Beyond Macaca: The Photograph That Haunts George Allen
Days after Allen's proclamation, the SCV celebrated at the US Capitol. The featured speaker was Richard T. Hines, an influential Republican lobbyist and neo-Confederate financier who, a year earlier, had protested the erection of a memorial to black tennis star Arthur Ashe in downtown Richmond, Virginia as "an attempt to debunk our heritage." The NAACP condemned Allen's SCV-inspired proclamation, while Confederate Memorial Association President John Edward Hurley called the SCV's celebration at the Capitol one of "the worst capitulations to white supremacy" since the Ku Klux Klan marched down Pennsylvania Avenue in 1920.
At the same time Allen also cultivated support from the SCV's sister organization, the United Daughters of the Confederacy. He was a frequent guest at their conventions and in March, 1997, in his second letter of commendation to the group, praised its members for "promoting historical accuracy and a clear understanding of the War Between the States," employing a euphemism for the Civil War popularized by neo-Confederate groups. (An article in a 1989 issue of the UDC magazine asserted that "the worse suffering group among those engaged in the [slave] trade" was "the crews of slave ships.")
When asked whether Allen supports or deplores the SCV, his communications director Reid replied in an e-mail, "Governors routinely send greetings to individuals and organizations and that is what the constituent service office did in this case. I am certain you will note the inclusive language in the letter advocating 'a rebirth of freedom for all Americans.'" As with the CCC, Reid did not offer any condemnation of the SCV.
At the height of Allen's governorship, in Spring 1995, the CCC's Citizens Informer praised him: "Residents of the Old Dominion are rejoicing." But the CCC's invisible support became a potentially controversial matter after a 1998 Washington Post article by Thomas Edsall disclosed the CCC's links to Bob Barr. CPAC head David Keene ousted them from his conference, bluntly telling the Post of his sudden discovery: "They are racists."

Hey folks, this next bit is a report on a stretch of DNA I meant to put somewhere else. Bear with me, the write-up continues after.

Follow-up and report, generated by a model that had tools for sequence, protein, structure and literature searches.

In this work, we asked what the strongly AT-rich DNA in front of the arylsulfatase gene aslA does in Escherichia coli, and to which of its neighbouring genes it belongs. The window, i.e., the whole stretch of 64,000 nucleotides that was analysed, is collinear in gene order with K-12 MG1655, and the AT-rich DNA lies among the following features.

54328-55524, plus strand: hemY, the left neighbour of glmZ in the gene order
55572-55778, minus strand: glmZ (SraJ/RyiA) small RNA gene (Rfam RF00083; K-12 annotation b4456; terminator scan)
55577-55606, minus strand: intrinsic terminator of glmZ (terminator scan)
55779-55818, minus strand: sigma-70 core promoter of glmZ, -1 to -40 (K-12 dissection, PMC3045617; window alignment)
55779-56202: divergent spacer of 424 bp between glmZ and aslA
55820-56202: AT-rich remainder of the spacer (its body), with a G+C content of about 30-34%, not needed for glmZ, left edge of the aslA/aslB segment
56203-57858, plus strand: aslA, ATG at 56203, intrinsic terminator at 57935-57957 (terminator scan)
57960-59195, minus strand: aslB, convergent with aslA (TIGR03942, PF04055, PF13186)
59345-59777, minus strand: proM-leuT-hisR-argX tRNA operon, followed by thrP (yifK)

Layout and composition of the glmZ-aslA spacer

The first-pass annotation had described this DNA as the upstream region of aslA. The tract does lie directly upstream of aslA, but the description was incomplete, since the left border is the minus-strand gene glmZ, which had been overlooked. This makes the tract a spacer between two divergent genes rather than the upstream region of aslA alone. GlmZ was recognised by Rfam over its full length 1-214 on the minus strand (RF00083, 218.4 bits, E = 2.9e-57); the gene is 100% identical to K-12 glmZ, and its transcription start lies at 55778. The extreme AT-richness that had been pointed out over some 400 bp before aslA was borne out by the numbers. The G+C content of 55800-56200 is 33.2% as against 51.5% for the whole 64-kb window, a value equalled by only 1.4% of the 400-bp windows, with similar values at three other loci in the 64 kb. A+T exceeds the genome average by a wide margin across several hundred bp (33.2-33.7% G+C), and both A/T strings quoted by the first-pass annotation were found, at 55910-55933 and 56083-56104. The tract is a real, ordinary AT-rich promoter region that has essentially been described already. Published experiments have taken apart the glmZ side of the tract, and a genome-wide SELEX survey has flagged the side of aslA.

Baum, for his part, maintains that Keene and CPAC's attendees were well aware of his group's racial views. "David Keene, he knew who we were," Baum told me. "I mean, you have Confederate flags on each sides of your booth--like, duh. But after the proverbial you-know-what hit the fan, he didn't want us there." (Baum said he "finagled" tickets for the 2006 CPAC convention and promoted the CCC from behind the National Rifle Association's booth.)
In 2001, Governor Allen became Senator Allen. Almost as soon as he was inaugurated, he was forced to choose between the Lost Cause and his own ambition. Trent Lott set in motion Allen's supposed reconstruction. At a 2002 birthday party for Senator Strom Thurmond of South Carolina, Lott praised Thurmond's segregationist 1948 presidential campaign. At first, Allen rushed to Lott's defense, calling him "a decent and honorable man." Lott, however, soon became radioactive. The Washington Post reported Lott's links to the CCC; his tenure as Senate Majority Leader became wobbly. Karl Rove, Bush's chief political strategist and a White House aide, pressured Republican senators to remove Lott from his leadership position. (Rove preferred the more compliant Bill Frist in the Senate's top post.) Allen saw his own opportunity in Lott's disgrace. Overnight, he went from being staunch Lott supporter to outspoken Lott critic. Calling for Lott's resignation, Allen dubbed his remarks "offensive...to those touched by the viciousness of segregation."
In the wake of Lott's fall, Allen dramatically pronounced the end of institutional racism. "This is a day that the United States Senate, with Trent Lott's resignation, has buried, graveyard-dead-and-gone, the days of discrimination and segregation," he proclaimed. With discrimination "graveyard-dead," Allen clearly hoped questions about his own past would be buried as well.
In 2000, he had hung a noose at his law office. When that fact was reported, he claimed it had "nothing to do with lynching." When it was reported that he also hung large Confederate flags in his house, he explained they were part of his flag collection. Allen had also opposed the 1991 Civil Rights Act and making Martin Luther King, Jr.'s birthday a holiday.
Using the Lott incident, Allen stepped forward as a champion the legacy of the civil rights movement. He boasted to Ryan Lizza of The New Republic of his "civil rights" pilgrimage to Selma, Alabama in 2002 with Democratic Rep. John Lewis of Georgia, a former Freedom Rider. In 2005, together with Democratic Senator Mary Landrieu of Louisiana, Allen co-sponsored a formal apology for slavery. He was carrying the banner of a new brand of Republicanism that compensated for its opposition to affirmative action and social spending with symbolic condemnations of what President George W. Bush deemed "the baggage of bigotry."